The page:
Mr Araz B. Massraf

Consultant Orthopaedic Surgeon

MBCHB, FRCSI, FRCS (Orth & Trauma)



Mrs Elizabeth Crowson

TEL: 07870 478988

FAX: 01733 875172 (safe haven)



Consulting Rooms:

Fitzwilliam Hospital

Milton Way

South Bretton




01733 261717


Knee arthroscopy


You will have a general anaesthetic, and will be asleep for the whole operation. The arthroscope is a telescope about as wide as a pen, connected to a television.


The surgeon will insert the arthroscope through one or two tiny cuts (about half an inch 1.2cm) around your knee. He will use it to look at the inside of your knee. This operation is called an arthroscopy. If you have torn a cartilage, he will remove the torn part using fine instruments inserted through small cuts. Occasionally he has to make a bigger cut to remove the cartilage. This would be about three inches (7.2cm) long.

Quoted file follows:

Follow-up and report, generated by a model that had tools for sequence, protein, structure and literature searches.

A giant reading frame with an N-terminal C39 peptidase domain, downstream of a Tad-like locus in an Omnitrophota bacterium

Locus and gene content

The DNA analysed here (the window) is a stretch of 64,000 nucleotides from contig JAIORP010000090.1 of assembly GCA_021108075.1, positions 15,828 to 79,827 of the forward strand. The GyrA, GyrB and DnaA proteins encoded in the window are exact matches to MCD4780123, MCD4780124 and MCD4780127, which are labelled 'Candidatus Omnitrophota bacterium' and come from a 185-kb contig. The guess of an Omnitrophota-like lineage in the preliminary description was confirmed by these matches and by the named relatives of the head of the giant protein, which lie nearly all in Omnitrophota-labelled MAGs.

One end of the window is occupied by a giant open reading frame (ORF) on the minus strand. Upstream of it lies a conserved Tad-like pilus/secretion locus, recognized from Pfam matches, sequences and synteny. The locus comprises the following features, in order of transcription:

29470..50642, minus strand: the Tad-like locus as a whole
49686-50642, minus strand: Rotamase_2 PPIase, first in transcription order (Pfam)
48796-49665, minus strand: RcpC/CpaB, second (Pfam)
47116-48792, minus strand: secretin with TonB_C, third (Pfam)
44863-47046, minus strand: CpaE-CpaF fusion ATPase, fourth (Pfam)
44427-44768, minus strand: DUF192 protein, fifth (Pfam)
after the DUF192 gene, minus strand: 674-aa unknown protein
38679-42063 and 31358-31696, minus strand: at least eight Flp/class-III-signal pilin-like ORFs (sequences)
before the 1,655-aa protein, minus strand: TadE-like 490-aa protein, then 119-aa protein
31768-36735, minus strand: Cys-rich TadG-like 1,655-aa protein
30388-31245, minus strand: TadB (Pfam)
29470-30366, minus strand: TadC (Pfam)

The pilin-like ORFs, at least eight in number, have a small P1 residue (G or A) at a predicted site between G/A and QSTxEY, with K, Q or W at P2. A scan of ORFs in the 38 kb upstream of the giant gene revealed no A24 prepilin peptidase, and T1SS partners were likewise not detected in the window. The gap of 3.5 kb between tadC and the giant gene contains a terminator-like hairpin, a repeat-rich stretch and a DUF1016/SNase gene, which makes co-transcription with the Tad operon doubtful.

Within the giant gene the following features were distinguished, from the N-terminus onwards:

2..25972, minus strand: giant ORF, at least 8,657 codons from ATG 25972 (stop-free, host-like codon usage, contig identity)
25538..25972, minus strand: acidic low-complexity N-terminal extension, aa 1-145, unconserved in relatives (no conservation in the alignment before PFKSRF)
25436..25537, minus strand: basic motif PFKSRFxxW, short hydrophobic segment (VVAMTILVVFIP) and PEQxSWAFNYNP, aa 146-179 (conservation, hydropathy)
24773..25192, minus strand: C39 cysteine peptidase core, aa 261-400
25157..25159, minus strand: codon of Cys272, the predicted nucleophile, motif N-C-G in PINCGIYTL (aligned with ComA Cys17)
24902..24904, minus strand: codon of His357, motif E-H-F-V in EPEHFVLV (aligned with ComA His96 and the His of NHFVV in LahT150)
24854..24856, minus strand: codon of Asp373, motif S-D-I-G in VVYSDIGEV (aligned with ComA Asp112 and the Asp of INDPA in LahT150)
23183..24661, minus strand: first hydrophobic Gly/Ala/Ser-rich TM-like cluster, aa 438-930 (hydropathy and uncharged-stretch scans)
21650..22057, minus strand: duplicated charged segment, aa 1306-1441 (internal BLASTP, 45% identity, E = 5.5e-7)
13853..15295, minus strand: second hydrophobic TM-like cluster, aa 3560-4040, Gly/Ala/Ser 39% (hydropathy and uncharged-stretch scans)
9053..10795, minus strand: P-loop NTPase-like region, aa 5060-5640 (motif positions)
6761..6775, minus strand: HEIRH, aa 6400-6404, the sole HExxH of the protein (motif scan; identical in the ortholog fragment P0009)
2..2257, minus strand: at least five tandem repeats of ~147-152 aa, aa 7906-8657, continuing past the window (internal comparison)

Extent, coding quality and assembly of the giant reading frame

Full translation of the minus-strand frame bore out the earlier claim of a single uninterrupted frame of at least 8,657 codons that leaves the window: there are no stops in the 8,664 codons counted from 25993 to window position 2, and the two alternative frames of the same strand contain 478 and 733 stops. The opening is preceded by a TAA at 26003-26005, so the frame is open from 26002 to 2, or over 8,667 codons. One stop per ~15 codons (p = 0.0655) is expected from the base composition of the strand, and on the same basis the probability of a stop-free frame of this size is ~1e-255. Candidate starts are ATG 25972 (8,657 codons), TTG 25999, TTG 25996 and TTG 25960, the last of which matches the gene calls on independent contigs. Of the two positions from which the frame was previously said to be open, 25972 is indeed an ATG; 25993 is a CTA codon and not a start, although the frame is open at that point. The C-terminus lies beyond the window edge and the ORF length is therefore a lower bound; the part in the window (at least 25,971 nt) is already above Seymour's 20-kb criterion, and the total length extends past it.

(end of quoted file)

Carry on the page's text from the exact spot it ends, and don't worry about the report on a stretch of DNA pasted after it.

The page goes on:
If you have torn a ligament within the knee, he will not replace it during this operation. He will discuss the possible treatments with you after your arthroscopy. If he finds a loose bone fragment, he will remove it through the small cuts. If you have arthritis, he can see how severe it is. He will wash out the knee with salt water. This often improves your symptoms for some months. The cuts will be closed with paper tapes or stitches.


The operation can either be done as a day case, which means that you come into hospital on the day of the operation and go home the same day, or as an inpatient case, which means spending one night in hospital. Your surgeon will discuss with you which way you will be having the operation.

The procedure




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